I beg of you, on this Christmas day, do not make of it a hollow mockery by paying a wordy tribute to the Christ while you refuse Him your heart. It does no good to go to church and listen to cantatas if you have barred and bolted your heart against the Christ. Today He would graciously enter as Savior and Lord. One day He will come as Judge, and then you cannot escape Him. Be sure to put the Christ in Christmas!

No Other Name

There is salvation in no one else.—Acts 4:12

We must continually watch out for statements that assert that all religions are the same, for when they are repeated over and over again, and by seemingly sincere people, we can be brainwashed into accepting them.

In 1966, when the first multi-faith service was held in an Anglican church in London, in which Hindus, Buddhists, Muslims, and Christians took part on equal terms, some Christian newspapers described it as a “betrayal of the faith.” Nowadays there is hardly a mention of such services although they take place regularly in different parts of our nation and also in other countries. People seem to have given up the idea of syncretism—the idea that all religions can be fused into one—and are focusing more on pluralism—the recognition of each faith as being of equal value. I take my stand with Dr. Visser’t Hooft, who said: “It is high time that Christians should rediscover that Jesus Christ did not come to make a contribution to the religious storehouse of mankind, but that in Him God reconciled the world unto Himself.”

The words of our text for today were displayed outside a church in London until the minister was told by the local authority to take the poster down as it offended some local inhabitants who were adherents of other faiths. “It is not the best way to love one’s neighbor as oneself” was how one critic put it. But how can we love our neighbor as ourselves if we make no attempt to share with them the knowledge of salvation in Jesus Christ?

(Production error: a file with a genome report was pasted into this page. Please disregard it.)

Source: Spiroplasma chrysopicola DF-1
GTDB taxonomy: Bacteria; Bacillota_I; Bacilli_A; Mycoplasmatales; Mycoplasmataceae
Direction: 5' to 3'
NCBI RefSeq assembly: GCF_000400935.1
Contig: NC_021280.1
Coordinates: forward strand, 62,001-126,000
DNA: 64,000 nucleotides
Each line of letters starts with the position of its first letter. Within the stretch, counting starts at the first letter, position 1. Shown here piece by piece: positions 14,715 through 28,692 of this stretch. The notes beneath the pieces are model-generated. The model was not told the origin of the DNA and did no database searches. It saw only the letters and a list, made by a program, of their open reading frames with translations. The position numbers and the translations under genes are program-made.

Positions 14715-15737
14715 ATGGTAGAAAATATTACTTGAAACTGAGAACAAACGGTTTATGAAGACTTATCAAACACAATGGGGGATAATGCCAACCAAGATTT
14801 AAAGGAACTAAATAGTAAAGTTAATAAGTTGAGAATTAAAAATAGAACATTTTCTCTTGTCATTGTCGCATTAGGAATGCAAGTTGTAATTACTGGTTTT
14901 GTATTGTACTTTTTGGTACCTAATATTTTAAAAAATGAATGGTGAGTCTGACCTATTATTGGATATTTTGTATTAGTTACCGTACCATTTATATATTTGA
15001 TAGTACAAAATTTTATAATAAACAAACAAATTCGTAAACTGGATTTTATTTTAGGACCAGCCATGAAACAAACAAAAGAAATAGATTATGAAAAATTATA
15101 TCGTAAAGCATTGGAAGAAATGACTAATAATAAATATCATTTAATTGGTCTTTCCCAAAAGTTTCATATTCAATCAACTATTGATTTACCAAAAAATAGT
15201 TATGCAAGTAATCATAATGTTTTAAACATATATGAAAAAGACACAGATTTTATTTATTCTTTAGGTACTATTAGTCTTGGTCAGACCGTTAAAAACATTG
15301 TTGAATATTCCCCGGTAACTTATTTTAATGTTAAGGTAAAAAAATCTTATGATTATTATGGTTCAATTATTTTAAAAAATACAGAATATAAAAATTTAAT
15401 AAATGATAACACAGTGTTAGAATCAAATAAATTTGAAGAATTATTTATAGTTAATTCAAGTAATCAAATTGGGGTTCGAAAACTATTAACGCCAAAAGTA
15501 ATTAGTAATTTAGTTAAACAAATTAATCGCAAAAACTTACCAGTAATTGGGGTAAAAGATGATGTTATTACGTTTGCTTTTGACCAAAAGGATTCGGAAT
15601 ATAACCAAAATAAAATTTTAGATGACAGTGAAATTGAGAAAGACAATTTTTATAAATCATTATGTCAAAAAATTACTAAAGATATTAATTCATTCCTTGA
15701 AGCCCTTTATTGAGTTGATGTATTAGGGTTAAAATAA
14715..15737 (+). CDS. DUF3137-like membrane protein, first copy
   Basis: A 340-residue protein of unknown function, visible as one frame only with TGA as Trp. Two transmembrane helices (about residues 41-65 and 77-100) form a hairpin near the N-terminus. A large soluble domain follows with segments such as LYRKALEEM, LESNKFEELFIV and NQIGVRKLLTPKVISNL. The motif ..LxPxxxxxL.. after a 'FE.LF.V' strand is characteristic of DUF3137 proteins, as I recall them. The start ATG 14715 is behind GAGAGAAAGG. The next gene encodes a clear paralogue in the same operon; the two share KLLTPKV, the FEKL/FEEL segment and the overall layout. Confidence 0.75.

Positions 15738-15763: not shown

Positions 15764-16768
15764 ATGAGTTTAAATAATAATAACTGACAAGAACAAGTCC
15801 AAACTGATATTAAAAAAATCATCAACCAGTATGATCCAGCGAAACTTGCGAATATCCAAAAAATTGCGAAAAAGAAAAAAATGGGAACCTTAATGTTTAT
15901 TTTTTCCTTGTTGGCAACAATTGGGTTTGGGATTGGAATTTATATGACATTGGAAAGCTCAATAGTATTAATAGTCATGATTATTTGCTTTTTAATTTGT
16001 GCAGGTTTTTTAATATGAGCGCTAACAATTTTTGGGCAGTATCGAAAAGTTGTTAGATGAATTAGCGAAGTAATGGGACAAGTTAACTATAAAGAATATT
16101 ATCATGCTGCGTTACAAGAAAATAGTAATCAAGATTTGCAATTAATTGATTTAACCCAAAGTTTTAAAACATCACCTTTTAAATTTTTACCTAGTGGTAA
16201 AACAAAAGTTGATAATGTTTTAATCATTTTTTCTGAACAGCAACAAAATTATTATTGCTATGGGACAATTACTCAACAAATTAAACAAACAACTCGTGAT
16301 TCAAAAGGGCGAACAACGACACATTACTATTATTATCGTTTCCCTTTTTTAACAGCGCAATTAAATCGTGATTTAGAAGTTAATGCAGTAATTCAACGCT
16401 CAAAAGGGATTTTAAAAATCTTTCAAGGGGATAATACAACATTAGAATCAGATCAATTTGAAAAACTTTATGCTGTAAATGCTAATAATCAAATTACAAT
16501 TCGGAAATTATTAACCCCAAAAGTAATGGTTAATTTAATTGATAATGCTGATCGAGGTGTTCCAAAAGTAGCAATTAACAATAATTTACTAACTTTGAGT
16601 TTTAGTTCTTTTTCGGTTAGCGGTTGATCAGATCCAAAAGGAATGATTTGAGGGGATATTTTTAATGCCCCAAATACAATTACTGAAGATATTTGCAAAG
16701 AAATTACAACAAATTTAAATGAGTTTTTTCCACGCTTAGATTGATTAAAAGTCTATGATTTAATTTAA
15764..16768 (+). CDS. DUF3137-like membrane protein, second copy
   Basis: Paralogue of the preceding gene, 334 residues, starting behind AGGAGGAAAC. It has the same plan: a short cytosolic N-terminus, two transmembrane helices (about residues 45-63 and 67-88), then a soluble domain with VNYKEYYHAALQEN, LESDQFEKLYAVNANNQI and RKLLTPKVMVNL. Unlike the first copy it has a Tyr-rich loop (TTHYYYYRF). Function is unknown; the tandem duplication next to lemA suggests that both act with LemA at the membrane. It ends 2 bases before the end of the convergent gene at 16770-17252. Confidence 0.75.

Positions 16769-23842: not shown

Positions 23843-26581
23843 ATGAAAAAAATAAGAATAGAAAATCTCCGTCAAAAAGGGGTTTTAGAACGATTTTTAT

Prayer

O Father, in an age when the faith once delivered to the saints is being watered down, deepen my understanding of it so that I may contend for it without being contentious. In Christ’s name I pray. Amen.

Further Study

Jn 3:1-17; 6:35; 14:6

What Old Testament example shows there is only one way to salvation?

What did Jesus declare about Himself?

What It Takes

Matthew 5:13-16

During the 1920s, Mallory led a series of expeditions to conquer Mt. Everest.

The first expedition failed, as did the second. Then Mallory led a third

assault. But in spite of careful planning and extensive safety precautions, Mallory and most of his companions were killed.

When the remaining members of Mallory’s team returned to England, they honored their fallen comrades at a banquet. As the leader of the survivors stood to acknowledge the applause, he turned his back to the crowd and stared at the enormous picture of Mt. Everest that hung behind the banquet table. The man addressed the mountain. “I speak to you, Mt. Everest, in the name of all the brave men living and those yet unborn. Mt. Everest, you defeated us three times. But, Mt. Everest, we shall someday defeat you, because you can’t get any bigger and we can.”

Remarkable courage.

The motto of the French Foreign Legion is little known but wholly consistent with the popular impression of that elite corps: “If I falter, push me on. If I stumble, pick me up. If I retreat, shoot me.”

Extraordinary courage.

Acts of personal bravery and heroism never fail to thrill and inspire us, reaffirming as they do man’s ability to rise above adverse circumstances or impossible odds. But courage is not simply a matter of doing, but being as well. Indeed, it may require more valor to be a certain person than to do a certain thing. After all, what does it take to preserve one’s personal integrity day after day? It takes the courage to endure. And what does it take to rely on God? The courage to trust.

In the Sermon on the Mount, Jesus calls His followers to live courageously (Matthew 5:13-16). He challenges them to be the salt of the earth and the light of the world. He simply asks us to be what we profess to be—Christians. But that is no small order. In fact, it takes more courage than any mountain climber could ever muster. It takes a courage that has been born of a new life in Christ and nurtured by the Spirit of God Himself. Yes, that’s what it takes to be a Christian.

Kenneth G. Hodder, The War Cry